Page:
Xerxes’s successfully built a bridge over Hellespont and set out in the spring of 480 BC from Sardis with a fleet and army which Herodotus estimated was roughly one million strong along with 10,000 elite warriors named the Persian Immortals. Again, the more recent estimates place the Persian force at around 60,000 combatants, but no matter which number is accurate, the fact is that Xerxes commanded an absolutely massive army.

At the aforementioned Battle of Thermopylae, a small force of Greek warriors, led by bold King Leonidas of Sparta, resisted the much larger Persian forces but they were ultimately defeated.

After ThermopylaeAthens was captured. Most of the Athenians had abandoned the city and fled to the island of Salamis before Xerxes arrived. Xerxes burnt the city; leaving an archaeologically attested destruction layer, known as the Perserschutt.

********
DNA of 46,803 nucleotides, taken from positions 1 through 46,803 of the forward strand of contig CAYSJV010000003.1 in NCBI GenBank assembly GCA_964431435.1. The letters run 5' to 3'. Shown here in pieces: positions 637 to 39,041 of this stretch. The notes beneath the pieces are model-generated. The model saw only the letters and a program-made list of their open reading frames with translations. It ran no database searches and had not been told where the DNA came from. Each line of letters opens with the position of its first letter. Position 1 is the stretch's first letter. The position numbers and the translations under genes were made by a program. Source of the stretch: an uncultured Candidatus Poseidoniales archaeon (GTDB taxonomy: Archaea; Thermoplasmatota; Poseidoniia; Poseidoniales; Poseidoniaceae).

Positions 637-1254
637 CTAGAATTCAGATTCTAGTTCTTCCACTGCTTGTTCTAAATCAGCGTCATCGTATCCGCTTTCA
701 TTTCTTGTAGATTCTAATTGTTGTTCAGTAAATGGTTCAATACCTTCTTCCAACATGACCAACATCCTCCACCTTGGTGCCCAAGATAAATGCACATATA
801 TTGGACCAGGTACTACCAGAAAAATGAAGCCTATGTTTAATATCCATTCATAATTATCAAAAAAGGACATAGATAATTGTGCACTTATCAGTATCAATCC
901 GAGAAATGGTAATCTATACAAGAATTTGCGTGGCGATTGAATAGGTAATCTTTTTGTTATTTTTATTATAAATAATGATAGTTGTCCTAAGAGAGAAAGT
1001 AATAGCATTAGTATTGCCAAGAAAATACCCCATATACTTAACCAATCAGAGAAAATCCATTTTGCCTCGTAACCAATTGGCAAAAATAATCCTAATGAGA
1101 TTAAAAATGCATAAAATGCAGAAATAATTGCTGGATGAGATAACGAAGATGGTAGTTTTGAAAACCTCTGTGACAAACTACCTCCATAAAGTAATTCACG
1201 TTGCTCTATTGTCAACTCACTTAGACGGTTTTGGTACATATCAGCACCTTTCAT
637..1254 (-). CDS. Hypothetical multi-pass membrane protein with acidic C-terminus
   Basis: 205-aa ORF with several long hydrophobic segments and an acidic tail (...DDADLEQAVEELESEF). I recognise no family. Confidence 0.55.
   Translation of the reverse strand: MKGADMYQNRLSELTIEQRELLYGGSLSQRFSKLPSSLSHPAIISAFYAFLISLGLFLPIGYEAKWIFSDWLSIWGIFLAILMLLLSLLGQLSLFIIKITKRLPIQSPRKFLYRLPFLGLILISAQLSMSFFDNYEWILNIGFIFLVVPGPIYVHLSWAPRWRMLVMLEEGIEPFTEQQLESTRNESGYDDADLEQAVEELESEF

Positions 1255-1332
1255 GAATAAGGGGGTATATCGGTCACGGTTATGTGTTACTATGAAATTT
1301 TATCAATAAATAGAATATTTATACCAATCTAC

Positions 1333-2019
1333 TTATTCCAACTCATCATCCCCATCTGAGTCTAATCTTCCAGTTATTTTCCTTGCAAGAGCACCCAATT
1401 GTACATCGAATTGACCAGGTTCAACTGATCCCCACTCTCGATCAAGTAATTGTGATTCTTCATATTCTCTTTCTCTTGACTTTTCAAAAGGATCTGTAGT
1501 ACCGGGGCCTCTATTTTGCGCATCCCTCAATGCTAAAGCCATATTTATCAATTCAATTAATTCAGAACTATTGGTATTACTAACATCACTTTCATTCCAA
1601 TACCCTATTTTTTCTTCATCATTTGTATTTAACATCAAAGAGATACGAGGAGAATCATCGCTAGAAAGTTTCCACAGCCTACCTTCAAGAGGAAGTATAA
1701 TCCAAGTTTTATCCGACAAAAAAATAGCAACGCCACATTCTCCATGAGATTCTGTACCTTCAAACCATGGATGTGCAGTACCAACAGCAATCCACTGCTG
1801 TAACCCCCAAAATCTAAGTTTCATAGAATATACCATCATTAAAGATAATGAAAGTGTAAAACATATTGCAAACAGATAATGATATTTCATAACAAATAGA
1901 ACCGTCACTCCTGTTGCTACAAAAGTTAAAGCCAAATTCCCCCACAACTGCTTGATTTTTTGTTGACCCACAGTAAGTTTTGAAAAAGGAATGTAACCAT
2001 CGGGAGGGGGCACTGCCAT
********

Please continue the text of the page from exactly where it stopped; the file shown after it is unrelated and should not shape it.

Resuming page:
The Persians thus gained control of all of mainland Greece to the north of the Isthmus of Corinth.

One of the biggest mistakes that Xerxes ever made was getting induced by the message of Themistocles. to attack the Greek fleet under unfavorable conditions, rather than sending a part of his ships to the  Peloponnesus and awaiting the dissolution of the Greek armies.

The Battle of Salamis was won by the Greek fleet, after which Xerxes set up a winter camp in Thessaly.

According to Herodotus, fearing that the Greeks might attack the bridges across the Hellespont and trap his army in Europe, Xerxes decided to retreat back to Asia, taking the greater part of the army with him. Another cause of the retreat might have been continued unrest in Babylon, which, being a key province of the Achaemenid Empire, required the king’s own attention.

He left behind a contingent in Greece to finish the campaign under Mardonius, who according to Herodotus had suggested the retreat in the first place. This force was defeated the following year at Plataea by the combined forces of the Greek city states, ending the Persian offensive on Greece for good.